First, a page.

I am not good at resisting the call of good books. I got a paper version when we went to the book store.

I spent some time on the return bus ride reading through the first several chapters of the book. At the end of the ninth chapter, there's a short section entitled Wrapping Up, which begins with a brief summary of the code in the chapter, and then goes on to review the development process:

It's worth reviewing how you got here because it's illustrative of how programming in Lisp often goes.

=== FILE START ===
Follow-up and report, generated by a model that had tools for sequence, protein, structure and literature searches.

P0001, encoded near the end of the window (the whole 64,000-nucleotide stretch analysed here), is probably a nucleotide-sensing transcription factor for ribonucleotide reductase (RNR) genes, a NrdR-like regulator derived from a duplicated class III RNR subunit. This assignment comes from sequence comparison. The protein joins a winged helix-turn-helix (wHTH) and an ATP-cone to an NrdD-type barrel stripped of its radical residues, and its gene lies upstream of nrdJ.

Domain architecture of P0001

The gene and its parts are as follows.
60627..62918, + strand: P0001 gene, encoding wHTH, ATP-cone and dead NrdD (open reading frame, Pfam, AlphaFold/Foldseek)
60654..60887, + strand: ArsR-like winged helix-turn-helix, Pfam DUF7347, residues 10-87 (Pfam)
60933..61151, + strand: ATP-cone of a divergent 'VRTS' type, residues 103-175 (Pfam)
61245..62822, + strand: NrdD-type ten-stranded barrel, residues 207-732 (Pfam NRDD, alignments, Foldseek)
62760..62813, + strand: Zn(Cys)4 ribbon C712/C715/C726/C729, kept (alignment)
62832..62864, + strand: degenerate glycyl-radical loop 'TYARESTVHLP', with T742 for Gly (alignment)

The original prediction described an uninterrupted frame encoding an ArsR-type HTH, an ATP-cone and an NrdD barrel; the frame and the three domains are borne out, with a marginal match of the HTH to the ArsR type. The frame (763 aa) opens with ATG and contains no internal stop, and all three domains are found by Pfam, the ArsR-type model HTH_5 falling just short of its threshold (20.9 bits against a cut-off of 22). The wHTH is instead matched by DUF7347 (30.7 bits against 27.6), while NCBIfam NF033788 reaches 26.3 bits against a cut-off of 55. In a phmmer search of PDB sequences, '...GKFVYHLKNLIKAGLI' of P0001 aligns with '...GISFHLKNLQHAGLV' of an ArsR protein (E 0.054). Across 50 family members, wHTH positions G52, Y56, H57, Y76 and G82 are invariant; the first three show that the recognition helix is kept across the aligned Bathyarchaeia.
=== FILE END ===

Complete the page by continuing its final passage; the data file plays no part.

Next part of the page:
Illustrative of programming in Lisp? Illustrative of programming in general! Or, for that matter, illustrative of how one approaches a broad variety of problem-solving tasks. Remove all the specific references to Common Lip and rewrite the text in Polya's distinctive style, and the last page of the chapter could come directly from How to Solve It.